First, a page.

Her allies gather her body from the riverbanks and bury her with honor. Even this is not the end.
Her story concludes with songs that praise her accomplishments as a knight, in a legacy that echoes across the ages.
Such a death is not an end. It is not, as Samwell Tarly proposes in the same episode, while the allied Westerosi prepare for the Battle of Winterfell, “forgetting, being forgotten.” Heroic death is defined by the myths it engenders, the tales that preserve lives of honor for generations to come.
My students revel in the valor, transmitted across the centuries, of women who flouted expectations of their gender. They do not immerse themselves in the study of medieval legends just to analyze Game of Thrones, fruitful as the comparisons may be. They pore over the heroines of the past to learn what it means to be a leader. They find inspiration in women who demanded the respect they knew they deserved and kept their vows even when it cost them their lives.
Last Sunday, when my students and I gathered again to watch the next episode, we felt sure we would witness the death of Brienne. We put aside grading, exams, and final papers to watch a woman we admire die for what she believes—to learn how Ser Brienne of Tarth would be remembered.
Yet, she did not die! We watched, spellbound, as she fought with honor alongside other brave women and men. We cheered together as she emerged victorious.
This week, in Season 8 Episode 4, Brienne stood alongside the grim-faced survivors of the Battle of Winterfell to commemorate the dead. With the pyres lit, Brienne shared in the celebrations of survival denied to Penthesilea: she drank with her comrades in arms and slept with Jamie Lannister, the man she loves; she called him to act with honor and, when he refused, she wept in despair.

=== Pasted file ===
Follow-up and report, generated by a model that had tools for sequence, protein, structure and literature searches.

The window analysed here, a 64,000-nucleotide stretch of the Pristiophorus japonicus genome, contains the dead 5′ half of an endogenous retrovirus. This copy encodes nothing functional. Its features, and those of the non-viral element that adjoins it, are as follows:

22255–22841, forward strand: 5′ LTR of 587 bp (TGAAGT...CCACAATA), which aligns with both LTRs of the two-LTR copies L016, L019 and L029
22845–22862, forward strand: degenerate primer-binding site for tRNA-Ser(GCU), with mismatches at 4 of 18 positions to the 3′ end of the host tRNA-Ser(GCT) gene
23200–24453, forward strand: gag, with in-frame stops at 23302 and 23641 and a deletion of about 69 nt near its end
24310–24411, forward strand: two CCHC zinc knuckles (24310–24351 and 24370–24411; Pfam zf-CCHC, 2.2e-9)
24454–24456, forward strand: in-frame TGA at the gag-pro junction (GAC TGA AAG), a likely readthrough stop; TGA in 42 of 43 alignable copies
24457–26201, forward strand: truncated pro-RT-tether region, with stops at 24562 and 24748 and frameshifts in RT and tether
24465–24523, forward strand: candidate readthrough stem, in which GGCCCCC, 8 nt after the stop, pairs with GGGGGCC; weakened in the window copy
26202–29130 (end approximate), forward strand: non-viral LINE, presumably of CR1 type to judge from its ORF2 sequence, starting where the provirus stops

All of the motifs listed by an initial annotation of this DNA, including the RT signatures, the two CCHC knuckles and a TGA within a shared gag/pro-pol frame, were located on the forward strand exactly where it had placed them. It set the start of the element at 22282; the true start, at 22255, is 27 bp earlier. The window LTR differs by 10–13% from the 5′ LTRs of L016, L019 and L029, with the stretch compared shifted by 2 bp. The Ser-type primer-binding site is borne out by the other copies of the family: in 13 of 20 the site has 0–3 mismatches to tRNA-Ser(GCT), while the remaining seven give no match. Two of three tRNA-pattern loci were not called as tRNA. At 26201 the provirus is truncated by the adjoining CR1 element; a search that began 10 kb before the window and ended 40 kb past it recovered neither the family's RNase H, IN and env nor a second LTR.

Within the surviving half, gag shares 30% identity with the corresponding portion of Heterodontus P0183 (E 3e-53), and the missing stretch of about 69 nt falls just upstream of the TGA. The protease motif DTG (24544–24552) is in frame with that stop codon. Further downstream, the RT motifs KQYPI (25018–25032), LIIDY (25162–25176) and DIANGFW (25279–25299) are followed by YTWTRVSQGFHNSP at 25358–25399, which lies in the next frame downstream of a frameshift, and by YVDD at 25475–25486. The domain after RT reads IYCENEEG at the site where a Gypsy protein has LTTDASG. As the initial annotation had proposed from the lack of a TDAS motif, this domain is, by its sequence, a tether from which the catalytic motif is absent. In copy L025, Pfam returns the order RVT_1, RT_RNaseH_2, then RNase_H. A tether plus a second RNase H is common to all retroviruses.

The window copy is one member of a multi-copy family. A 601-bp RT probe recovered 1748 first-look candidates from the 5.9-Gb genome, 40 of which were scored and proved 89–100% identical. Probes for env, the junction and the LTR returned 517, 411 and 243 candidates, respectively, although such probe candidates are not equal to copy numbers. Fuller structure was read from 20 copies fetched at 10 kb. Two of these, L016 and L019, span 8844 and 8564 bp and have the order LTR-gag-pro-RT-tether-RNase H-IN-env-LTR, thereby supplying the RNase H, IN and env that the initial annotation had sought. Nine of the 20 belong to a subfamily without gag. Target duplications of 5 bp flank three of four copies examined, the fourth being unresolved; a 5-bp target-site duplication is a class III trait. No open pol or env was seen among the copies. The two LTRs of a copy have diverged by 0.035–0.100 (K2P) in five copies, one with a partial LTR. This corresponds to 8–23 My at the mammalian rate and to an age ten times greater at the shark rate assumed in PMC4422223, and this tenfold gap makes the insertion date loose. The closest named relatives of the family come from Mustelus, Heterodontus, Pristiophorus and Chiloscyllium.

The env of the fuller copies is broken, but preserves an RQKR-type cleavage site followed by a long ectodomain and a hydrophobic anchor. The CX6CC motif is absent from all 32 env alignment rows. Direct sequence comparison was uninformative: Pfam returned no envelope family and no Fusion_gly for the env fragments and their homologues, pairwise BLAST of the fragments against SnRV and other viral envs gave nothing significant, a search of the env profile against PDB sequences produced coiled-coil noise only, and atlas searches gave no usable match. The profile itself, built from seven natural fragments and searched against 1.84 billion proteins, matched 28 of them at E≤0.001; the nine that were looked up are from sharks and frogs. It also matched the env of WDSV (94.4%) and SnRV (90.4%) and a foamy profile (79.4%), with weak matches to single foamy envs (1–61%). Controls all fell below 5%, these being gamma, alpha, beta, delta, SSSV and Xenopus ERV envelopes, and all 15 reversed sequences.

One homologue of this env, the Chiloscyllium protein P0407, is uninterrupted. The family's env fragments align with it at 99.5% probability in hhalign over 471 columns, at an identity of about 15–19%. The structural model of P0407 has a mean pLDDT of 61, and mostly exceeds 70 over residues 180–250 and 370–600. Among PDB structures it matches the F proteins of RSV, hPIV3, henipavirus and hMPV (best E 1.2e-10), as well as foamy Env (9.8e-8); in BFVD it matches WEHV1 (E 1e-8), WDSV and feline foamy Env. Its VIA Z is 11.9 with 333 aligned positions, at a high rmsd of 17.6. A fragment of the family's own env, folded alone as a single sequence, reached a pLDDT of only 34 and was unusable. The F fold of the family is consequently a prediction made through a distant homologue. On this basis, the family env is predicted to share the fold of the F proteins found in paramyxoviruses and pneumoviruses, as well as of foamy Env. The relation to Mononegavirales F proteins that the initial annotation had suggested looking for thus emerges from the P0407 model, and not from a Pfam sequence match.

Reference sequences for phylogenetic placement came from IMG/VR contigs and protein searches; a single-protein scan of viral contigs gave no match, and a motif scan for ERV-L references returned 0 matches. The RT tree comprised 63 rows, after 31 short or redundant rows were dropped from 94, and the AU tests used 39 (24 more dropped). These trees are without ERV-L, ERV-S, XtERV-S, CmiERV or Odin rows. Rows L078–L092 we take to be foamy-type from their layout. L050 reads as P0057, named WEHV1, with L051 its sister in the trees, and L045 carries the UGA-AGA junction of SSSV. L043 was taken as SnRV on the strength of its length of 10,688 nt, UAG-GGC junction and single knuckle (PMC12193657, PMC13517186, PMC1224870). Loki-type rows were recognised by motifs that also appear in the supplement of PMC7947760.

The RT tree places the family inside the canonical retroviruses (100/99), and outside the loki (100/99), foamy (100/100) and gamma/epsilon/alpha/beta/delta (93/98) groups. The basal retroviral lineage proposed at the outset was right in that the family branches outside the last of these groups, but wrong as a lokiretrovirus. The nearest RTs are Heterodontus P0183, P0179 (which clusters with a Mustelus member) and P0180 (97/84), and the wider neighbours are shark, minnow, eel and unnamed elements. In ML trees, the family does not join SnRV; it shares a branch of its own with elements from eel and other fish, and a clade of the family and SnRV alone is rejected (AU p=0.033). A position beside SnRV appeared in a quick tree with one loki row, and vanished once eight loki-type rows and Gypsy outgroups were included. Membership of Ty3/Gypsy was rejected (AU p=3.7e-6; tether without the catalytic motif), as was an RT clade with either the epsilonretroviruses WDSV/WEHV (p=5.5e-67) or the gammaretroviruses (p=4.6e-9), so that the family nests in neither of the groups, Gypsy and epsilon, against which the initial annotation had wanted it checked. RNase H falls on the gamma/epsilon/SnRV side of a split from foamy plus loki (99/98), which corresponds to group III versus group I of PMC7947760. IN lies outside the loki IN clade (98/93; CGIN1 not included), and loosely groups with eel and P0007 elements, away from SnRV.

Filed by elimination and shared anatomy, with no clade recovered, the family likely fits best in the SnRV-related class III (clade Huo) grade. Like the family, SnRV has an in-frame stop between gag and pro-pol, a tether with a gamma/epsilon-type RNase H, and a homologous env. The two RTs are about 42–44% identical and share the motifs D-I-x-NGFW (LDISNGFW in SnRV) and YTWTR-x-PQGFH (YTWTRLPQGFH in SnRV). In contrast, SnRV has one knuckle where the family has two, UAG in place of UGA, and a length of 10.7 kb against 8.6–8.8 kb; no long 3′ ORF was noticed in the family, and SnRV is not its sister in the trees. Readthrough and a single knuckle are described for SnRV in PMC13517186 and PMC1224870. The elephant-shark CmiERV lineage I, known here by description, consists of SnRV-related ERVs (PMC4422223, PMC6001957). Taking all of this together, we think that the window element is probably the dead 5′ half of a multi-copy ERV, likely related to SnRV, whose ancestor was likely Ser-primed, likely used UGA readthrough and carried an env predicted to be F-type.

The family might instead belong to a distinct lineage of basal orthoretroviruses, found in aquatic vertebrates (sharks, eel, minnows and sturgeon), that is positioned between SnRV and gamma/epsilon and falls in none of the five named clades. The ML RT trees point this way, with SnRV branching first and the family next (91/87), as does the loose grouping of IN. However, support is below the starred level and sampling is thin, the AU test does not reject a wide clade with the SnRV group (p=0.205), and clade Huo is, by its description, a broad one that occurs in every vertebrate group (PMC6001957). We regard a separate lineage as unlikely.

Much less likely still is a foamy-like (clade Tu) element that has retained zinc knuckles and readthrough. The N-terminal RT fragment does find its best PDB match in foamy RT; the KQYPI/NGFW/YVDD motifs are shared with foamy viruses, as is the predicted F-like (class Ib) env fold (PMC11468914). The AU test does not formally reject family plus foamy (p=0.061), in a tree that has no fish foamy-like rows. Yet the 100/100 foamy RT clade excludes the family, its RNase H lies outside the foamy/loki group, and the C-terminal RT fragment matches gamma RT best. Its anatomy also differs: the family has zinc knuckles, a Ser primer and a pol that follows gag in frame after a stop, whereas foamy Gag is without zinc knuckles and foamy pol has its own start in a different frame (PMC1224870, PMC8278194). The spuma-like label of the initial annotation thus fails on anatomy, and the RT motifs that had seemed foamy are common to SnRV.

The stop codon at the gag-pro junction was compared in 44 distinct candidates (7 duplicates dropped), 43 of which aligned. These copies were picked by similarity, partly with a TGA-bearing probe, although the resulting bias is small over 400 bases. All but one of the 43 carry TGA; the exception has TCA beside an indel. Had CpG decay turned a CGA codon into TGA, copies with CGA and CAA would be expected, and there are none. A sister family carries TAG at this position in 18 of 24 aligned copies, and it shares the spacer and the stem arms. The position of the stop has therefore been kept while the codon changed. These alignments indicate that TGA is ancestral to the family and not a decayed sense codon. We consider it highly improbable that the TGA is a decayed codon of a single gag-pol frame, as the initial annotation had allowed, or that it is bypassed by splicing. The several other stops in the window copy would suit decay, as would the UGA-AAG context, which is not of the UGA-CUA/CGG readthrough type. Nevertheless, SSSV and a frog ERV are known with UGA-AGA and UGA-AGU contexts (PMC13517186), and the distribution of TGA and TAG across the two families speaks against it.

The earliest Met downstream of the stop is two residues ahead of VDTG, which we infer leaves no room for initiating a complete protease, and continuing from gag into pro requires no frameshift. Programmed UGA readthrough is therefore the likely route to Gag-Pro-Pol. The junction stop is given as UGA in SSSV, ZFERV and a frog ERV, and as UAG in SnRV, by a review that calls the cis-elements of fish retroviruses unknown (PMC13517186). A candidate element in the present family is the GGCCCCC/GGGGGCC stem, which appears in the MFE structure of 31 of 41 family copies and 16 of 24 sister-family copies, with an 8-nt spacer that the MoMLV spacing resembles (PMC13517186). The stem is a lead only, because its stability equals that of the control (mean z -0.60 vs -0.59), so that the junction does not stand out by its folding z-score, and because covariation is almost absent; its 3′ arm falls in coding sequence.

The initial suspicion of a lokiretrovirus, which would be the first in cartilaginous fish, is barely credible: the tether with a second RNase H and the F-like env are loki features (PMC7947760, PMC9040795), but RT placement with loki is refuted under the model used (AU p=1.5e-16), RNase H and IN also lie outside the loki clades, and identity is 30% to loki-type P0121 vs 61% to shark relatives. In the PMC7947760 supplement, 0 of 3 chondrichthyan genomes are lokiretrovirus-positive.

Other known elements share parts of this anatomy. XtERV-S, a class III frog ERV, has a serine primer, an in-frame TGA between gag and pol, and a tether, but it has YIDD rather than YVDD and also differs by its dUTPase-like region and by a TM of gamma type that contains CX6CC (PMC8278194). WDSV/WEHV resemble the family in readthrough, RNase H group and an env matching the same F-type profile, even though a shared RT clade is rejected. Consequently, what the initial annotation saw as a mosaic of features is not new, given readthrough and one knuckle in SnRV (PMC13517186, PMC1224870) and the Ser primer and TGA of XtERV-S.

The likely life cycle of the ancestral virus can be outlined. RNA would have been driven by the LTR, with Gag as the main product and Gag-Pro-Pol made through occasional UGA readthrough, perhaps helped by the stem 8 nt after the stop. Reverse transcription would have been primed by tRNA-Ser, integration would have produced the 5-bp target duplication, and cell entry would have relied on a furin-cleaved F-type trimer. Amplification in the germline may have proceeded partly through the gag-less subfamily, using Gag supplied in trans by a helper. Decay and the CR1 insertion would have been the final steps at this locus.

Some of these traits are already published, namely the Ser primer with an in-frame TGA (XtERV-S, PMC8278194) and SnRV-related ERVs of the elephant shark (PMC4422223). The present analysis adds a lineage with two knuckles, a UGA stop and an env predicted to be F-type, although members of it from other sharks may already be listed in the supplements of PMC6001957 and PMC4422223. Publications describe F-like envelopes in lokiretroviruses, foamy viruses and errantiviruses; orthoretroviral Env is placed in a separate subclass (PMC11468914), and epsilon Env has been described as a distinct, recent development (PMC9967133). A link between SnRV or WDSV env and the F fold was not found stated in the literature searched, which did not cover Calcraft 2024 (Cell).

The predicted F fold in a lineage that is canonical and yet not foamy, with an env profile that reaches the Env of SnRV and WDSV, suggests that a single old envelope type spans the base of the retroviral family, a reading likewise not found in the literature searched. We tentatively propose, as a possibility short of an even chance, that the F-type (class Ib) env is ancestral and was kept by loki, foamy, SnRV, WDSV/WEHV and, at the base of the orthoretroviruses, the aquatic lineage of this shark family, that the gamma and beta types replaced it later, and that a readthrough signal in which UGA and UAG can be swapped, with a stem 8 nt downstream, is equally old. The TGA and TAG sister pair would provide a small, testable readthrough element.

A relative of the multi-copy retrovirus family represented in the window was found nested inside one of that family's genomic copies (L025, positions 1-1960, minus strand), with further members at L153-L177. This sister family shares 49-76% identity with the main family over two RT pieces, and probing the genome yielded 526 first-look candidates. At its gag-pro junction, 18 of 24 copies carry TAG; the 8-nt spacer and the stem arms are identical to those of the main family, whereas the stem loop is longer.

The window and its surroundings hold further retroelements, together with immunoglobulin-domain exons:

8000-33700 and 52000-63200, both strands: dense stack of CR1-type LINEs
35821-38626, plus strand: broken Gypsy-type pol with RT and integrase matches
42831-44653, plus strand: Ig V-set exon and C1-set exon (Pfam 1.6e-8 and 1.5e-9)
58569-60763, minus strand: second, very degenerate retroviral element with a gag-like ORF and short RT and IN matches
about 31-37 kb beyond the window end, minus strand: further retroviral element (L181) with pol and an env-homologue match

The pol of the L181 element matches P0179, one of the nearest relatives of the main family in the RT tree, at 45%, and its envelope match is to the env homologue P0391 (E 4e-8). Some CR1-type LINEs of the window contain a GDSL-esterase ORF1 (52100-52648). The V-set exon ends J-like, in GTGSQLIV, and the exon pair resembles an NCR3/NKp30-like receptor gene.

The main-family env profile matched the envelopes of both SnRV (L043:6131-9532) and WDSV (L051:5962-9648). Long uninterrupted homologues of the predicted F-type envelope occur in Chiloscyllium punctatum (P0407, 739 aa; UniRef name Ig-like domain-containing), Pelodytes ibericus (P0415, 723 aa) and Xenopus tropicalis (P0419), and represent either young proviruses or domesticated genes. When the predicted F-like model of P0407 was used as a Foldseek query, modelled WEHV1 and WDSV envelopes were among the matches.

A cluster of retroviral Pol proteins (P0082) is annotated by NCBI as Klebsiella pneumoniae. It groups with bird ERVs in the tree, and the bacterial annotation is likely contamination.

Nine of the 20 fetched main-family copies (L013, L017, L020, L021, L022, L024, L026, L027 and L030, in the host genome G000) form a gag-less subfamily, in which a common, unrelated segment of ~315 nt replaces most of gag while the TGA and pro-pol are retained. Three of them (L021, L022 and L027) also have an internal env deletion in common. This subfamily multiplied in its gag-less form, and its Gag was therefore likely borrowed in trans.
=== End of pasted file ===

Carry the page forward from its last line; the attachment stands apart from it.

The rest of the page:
Brienne is not, like Penthesilea, a tertiary character brutally sacrificed to build viewer sympathy by illustrating the ignominy of her opponents. Brienne does not exist merely to facilitate the progression of her narrative or anyone else’s.
Brienne dominates this final season of Game of Thrones. Depicted in the fullness of her humanity, Brienne’s emotional depth is matched only by her moral rectitude. Brienne is a heroine for our age, a testament to a generation demanding that women’s stories be told with passion and complexity.
This generation insists that our heroines no longer be punished for their audacity. This generation clamors to celebrate rather than condemn women’s excellence. A hunger for heroines is driving change in our society and forging paths for women—in all the imperfection and humanity that we now claim as our own, just as male leaders have for millennia—to take the reins.
Now that is exhilarating.
If you enjoyed that article, please share it with your history-loving friends on Facebook, or on Twitter! And be sure to subscribe here to receive every new article from The Public Medievalist the moment it launches.
Elizabeth S. Leet is Visiting Assistant Professor of French at Franklin & Marshall College. Her work analyzes the relationships between people, animals, and the environment in medieval literary texts and scientific treatises, along with their post-medieval adaptations. She is guest editor of a 2020 special issue of postmedieval called “Contact Zones: fur/flesh/fabric/fieldstone,” whose essays examine the transcorporeal relationships between bodies and the stuff surrounding them (everything from clothes to objects to buildings). Her current book project, Cavalières: Horsemanship, Speech, and Gender in Medieval French and English Literature, studies women who surpass their male counterparts in feats of chivalry in Old French, Anglo-Norman, and Middle English literature.